I had the chance to see The Sensation of Sight when it played the New Hampshire Film Festival last month in Portsmouth, NH where it won the award for Best Feature Film. We don't get a lot of films shot here in the Granite State, particularly ones with relatively high profile stars like David Strathairn (The Bourne Ultimatum, Goodnight and Good Luck) and Ian Somerhalder (probably best known for his work on ABC's Lost) so there's been some local buzz about this one ever since it wrapped production a few years back.
The tagline on the poster is "When life becomes a second language..." The film's promotional materials describe Strathairn's character Fin as undergoing a mid-life crisis, but he's better described as a man who has been crippled by despair. Fin is a high school teacher who, in the wake of a tragedy involving a student for which he feels responsible, leaves his wife and son and moves into a boarding house. He spends his days walking around his small picturesque New England town, pulling a Radio Flyer wagon that carries the encyclopedias he tries to sell to the townspeople. "I didn't know they did that anymore," remarks one character about Fin's new vocation. "I don't think they do," he replies. More importantly, he only appears to have the one set of books (whose origin becomes important late in the film) and the whole process seems to be a sad desperate attempt to give meaning to a life he no longer understands..
The film's pace is slow but graceful with the plot flowing like a stream of water following the path of least resistance: it goes where it needs to go, but not necessarily where you expect it to. In his travels around town Fin touches the lives of several people including a former student named Dylan (Daniel Gillies) who still carries a grudge over something that happened years ago. Dylan is estranged from his father (Scott Wilson) and his sister Daisy (Elisabeth Waterston), both of whom we meet when they discover Fin napping on a park bench. They invite him home for a meal during which Daisy tries to show Fin that his response to the tragedy is not the answer, but he's not ready to face it. A single mom named Alice (Jane Adams) living at the boarding house takes an interest in Fin, leading to what has to be the most charmingly awkward romantic overture I've seen in some time.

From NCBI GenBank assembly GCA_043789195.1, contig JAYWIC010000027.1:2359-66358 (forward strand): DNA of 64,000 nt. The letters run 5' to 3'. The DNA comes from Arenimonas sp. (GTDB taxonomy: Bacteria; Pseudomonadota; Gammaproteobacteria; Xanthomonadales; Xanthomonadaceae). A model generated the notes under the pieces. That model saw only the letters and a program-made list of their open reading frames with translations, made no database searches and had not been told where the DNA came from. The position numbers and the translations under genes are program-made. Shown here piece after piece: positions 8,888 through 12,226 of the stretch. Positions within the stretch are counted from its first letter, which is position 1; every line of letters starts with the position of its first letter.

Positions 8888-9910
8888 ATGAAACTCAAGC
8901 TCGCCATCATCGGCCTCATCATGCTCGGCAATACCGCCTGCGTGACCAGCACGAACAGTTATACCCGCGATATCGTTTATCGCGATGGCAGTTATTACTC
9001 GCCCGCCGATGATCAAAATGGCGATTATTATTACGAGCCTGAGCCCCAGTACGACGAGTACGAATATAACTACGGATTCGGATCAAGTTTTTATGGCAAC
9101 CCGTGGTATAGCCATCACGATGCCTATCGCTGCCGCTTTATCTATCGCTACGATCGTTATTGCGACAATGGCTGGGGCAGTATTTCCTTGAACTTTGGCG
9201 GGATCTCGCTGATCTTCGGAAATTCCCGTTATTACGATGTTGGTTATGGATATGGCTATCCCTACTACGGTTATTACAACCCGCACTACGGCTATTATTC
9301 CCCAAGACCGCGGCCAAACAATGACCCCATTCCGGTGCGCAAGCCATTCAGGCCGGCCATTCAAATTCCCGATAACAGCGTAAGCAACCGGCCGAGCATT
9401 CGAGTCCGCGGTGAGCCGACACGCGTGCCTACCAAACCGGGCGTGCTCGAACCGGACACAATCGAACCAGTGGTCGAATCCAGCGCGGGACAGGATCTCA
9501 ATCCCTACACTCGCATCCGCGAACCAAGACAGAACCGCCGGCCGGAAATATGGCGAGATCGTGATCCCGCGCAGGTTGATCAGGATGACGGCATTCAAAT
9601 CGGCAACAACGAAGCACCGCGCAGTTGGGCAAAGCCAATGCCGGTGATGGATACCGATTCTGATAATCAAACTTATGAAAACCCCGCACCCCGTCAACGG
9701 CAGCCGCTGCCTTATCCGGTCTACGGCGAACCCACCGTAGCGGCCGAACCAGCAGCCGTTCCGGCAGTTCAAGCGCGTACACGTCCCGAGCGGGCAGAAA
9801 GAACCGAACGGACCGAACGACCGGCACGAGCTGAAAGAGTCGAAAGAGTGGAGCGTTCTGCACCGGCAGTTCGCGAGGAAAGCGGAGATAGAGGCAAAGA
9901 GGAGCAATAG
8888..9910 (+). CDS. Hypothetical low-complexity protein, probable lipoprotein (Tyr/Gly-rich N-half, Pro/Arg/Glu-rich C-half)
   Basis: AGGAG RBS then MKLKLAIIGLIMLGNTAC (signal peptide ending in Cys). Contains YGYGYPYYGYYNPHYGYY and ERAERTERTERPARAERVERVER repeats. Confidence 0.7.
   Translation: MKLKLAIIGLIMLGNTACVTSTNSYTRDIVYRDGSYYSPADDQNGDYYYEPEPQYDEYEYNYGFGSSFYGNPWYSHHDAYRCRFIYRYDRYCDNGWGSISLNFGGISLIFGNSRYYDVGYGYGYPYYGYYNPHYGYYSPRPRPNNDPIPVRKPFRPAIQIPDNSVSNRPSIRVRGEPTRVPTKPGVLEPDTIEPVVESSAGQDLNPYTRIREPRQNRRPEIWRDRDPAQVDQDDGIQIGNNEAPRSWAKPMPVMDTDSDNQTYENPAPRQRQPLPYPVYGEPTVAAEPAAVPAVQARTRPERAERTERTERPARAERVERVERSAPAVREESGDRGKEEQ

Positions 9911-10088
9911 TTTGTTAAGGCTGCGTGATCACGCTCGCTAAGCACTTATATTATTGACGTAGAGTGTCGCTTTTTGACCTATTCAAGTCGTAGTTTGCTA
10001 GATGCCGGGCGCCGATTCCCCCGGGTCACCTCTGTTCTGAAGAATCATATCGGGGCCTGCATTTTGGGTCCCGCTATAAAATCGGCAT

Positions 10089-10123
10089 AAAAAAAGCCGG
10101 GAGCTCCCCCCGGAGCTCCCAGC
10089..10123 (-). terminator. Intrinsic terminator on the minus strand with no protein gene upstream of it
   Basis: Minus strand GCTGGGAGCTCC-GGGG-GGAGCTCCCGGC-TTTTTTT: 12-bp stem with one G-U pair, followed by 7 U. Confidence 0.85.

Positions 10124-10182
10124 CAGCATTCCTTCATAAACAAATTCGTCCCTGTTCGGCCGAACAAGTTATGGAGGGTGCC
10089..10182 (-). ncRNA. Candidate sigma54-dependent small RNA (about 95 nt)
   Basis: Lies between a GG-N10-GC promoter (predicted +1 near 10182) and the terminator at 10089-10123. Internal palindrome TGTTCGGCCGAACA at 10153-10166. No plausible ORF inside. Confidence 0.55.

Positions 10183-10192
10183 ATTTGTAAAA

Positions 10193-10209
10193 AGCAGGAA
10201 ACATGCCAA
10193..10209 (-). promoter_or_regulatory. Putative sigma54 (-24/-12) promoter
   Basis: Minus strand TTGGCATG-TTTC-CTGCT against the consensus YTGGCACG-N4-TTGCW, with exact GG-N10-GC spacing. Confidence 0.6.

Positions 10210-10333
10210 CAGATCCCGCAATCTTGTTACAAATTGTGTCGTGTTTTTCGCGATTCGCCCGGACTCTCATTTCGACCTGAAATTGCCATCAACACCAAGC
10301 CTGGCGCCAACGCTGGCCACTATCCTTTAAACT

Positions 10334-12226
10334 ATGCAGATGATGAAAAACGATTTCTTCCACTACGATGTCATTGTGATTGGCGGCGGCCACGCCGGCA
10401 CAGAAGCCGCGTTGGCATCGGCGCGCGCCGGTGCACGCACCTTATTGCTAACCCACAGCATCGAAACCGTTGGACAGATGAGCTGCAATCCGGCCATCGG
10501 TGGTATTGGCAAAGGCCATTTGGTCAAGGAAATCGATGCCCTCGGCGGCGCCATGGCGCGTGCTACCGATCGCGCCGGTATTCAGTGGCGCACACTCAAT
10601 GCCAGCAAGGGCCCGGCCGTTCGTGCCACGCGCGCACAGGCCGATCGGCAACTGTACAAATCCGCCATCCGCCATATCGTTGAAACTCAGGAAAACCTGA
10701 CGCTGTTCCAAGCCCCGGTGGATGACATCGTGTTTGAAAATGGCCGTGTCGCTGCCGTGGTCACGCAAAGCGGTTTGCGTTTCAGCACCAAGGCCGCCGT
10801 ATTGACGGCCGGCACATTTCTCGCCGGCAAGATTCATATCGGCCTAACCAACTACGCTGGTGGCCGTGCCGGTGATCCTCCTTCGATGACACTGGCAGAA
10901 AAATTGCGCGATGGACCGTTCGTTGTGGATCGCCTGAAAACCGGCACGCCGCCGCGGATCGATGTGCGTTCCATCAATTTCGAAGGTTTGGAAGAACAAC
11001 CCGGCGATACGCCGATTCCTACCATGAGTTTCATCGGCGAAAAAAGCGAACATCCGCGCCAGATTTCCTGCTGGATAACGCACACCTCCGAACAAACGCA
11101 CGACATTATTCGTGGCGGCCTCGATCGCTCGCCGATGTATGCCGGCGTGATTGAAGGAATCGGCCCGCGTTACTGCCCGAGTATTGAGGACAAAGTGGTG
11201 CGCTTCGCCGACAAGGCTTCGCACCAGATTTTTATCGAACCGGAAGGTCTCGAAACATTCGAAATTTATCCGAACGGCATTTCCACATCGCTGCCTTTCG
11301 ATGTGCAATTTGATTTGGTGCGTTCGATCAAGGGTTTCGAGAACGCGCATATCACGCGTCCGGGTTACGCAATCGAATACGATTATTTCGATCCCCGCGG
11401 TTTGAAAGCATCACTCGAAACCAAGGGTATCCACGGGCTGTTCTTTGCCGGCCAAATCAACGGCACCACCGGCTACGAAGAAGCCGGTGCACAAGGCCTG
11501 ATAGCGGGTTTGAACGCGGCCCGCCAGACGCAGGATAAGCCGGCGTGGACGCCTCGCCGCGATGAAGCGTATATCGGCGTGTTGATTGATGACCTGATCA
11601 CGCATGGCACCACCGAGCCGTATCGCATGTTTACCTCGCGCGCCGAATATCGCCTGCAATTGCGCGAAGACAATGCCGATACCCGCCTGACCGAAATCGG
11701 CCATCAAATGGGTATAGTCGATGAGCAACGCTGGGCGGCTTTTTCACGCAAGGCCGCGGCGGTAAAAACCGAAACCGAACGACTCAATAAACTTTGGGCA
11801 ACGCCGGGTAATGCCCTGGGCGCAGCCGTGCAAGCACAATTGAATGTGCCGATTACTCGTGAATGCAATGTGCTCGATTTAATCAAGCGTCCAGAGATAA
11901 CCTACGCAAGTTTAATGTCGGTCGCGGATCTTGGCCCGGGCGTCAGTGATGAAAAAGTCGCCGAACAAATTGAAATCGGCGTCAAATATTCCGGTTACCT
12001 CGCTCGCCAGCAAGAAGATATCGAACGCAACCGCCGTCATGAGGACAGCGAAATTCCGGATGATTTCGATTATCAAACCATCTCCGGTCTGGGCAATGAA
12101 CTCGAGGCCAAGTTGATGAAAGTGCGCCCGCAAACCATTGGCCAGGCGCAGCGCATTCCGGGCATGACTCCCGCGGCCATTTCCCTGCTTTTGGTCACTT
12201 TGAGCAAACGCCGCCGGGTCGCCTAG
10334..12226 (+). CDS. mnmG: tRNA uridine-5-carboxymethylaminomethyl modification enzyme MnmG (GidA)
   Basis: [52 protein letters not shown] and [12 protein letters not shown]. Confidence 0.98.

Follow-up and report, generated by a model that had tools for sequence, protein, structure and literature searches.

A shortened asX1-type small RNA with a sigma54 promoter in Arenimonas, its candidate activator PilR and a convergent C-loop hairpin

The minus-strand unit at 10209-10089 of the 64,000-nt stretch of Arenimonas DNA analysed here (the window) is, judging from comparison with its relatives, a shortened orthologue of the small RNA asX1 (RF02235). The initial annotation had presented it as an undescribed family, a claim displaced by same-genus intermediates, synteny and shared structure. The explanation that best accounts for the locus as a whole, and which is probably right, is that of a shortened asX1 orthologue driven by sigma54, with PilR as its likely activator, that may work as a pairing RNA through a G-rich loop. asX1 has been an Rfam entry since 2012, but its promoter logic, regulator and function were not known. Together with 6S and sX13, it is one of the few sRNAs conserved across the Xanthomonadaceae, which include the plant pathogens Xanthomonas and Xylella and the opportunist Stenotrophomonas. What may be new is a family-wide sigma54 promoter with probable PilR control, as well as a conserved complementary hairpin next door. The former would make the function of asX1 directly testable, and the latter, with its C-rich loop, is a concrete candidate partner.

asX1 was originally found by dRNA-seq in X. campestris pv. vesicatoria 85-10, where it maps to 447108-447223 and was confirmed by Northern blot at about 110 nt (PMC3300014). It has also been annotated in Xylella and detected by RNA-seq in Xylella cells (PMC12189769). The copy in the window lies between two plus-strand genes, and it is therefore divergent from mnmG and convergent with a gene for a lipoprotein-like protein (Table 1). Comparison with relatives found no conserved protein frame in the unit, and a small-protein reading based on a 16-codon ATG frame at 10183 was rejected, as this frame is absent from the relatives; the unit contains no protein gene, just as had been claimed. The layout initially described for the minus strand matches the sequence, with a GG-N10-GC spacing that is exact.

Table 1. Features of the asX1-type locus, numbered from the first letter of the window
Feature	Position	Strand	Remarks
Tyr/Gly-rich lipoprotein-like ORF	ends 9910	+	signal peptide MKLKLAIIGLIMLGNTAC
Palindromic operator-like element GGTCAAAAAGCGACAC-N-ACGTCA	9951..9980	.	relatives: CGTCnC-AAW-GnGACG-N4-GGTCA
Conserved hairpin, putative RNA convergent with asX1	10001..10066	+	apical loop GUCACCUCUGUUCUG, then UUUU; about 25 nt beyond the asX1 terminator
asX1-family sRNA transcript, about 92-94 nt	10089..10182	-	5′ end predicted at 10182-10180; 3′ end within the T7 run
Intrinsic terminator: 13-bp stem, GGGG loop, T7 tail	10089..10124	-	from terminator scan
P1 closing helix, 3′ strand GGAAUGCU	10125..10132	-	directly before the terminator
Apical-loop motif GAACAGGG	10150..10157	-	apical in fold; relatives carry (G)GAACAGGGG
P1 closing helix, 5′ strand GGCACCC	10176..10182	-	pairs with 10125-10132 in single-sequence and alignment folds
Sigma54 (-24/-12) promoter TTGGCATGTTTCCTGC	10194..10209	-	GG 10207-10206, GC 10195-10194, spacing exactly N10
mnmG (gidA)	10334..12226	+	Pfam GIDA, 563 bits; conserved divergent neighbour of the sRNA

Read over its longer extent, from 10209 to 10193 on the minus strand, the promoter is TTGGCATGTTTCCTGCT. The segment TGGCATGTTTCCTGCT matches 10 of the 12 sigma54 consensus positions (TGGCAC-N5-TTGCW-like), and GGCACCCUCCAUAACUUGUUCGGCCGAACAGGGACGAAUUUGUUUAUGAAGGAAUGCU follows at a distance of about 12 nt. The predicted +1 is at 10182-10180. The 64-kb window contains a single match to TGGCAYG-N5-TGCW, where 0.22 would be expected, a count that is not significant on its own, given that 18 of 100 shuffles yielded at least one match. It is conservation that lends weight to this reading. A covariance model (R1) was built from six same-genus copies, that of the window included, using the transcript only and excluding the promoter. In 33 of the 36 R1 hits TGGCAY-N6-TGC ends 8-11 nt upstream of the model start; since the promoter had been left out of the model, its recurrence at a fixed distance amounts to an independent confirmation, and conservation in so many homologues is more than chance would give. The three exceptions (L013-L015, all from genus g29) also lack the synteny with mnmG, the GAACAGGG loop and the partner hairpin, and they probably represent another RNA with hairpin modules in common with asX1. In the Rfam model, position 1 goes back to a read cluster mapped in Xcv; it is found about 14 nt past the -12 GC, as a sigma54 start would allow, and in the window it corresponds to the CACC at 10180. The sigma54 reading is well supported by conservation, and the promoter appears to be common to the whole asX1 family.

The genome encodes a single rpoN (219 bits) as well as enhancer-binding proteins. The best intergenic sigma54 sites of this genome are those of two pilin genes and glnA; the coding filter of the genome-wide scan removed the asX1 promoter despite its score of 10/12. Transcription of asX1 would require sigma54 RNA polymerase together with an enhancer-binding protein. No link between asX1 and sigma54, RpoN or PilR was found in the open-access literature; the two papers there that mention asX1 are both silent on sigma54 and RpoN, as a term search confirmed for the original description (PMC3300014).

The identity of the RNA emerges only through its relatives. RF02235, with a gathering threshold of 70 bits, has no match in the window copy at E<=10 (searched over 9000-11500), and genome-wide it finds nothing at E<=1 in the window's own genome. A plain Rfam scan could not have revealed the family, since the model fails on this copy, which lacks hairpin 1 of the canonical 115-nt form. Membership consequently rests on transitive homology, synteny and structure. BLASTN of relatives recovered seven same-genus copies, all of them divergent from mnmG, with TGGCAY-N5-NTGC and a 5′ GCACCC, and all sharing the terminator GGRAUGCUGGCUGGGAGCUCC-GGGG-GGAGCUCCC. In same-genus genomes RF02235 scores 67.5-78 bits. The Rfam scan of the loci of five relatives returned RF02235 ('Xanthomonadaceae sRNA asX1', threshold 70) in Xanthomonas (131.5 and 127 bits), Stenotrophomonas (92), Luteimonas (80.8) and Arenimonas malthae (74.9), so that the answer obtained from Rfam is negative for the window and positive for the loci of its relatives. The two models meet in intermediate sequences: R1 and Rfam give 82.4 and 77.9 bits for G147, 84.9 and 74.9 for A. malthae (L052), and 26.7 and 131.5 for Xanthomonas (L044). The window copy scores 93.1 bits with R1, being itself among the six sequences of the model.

The character played by Somerhalder -- who is never referred to by name and is listed in the credits as "The Drifter" -- suffers the same pain as Fin since the student whose death haunts the former teacher was The Drifter's brother. "Haunt" is a particularly appropriate word here, as The Drifter is constantly followed by his late brother's spirit. Whether or not this is supposed to be an actual spectral presence or perhaps something more symbolic is never made clear, but the boy is an almost constant presence. The Drifter is working off his community service sentence by washing police cars with Dylan. How all these characters interconnect is something director Aaron J. Wiederspahn plays close to the vest at first, allowing us to know the characters quite well before we fully understand their relationships to one another.
Strathairn is nothing short of amazing in this role. Like the film in general, his performance is ultra low-key, but he can convey so much in just a gesture or change of expression. Like his performance as Edward R. Murrow in Good Night and Good Luck, his interpretation of Fin is a masterpiece of subtlety. This movie has been making the film festival rounds for some time now and this weekend makes its premiere at two theaters in New Hampshire (see the film's Myspace page for details) with the producers hoping to get the film into wider release at the beginning of the New Year. This is definitely art house fair, and whatever sort of release it ends up getting I doubt it will be playing multiplexes, but if you love film I heartily recommend you give this quiet little drama a chance.